Letters

Letters to the Editor: Excused Civic Absences Can Still Lead to Learning Deficits

Letters to the Editor: February 25 – March 3, 2021

Excused Civic Absences Can Still Lead to Learning Deficits

Editor,

It’s easy to be thrilled that the Fairfax County School Board has made class time missed for civic reasons an excused absence. But let’s think about this a moment.

I admit that I attended my high school class 50th reunion, but I’ve spent many of the years since then in the community college classroom. My wife also taught in the Fairfax County Schools. When we were in high school, excused absences were hard to come by. Death in the family? Excused. Serious illness? Of a family member? Unexcused. Of the student? Clear symptoms were required. Participation in a school sponsored activity? Excused. Some years ago, however, these requirements were loosened: If parents knew about it and called in, it was an excused absence. Even the family vacation to Disney World was excused. The standards have loosened considerably. Students arrive in college believing that if they “explain” an absence, it’s okay. They won’t be penalized. They’ll get extra time to finish assignments. The problem with this is that no one seems to think about the fact that an absence mean that the student was not present for instruction, and states measure instructional time in hours and minutes. If parents and students measured it in the same way, perhaps it would be more precious to them and they’d hesitate to miss so much of it. The absences do add up, and sooner or later they become self-penalizing.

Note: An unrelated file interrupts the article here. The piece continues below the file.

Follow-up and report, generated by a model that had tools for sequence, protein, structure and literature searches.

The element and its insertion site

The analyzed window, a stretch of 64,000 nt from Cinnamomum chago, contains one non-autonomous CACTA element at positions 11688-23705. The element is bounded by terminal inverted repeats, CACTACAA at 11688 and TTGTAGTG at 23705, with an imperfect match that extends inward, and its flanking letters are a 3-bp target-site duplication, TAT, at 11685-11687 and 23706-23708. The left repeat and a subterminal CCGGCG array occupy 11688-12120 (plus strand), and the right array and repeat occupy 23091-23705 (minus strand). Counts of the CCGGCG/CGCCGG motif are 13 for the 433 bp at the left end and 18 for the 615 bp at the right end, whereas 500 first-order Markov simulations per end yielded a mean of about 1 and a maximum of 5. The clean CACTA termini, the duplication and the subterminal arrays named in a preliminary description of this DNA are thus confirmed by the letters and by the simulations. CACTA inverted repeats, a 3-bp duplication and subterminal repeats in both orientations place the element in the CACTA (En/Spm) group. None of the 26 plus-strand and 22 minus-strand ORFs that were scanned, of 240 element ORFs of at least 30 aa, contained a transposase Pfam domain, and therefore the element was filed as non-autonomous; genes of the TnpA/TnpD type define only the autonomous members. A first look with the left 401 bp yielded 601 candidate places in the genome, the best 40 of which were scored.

Maybe I’m just a cranky retired professor, but I wish students were learning that being out of class, regardless of whether the absence is excused, means instruction irretrievably missed. I’m not opposed to students being active in civic affairs, but as laudable as that is, it comes at a cost that has to be considered.

John Hare

Via the internet


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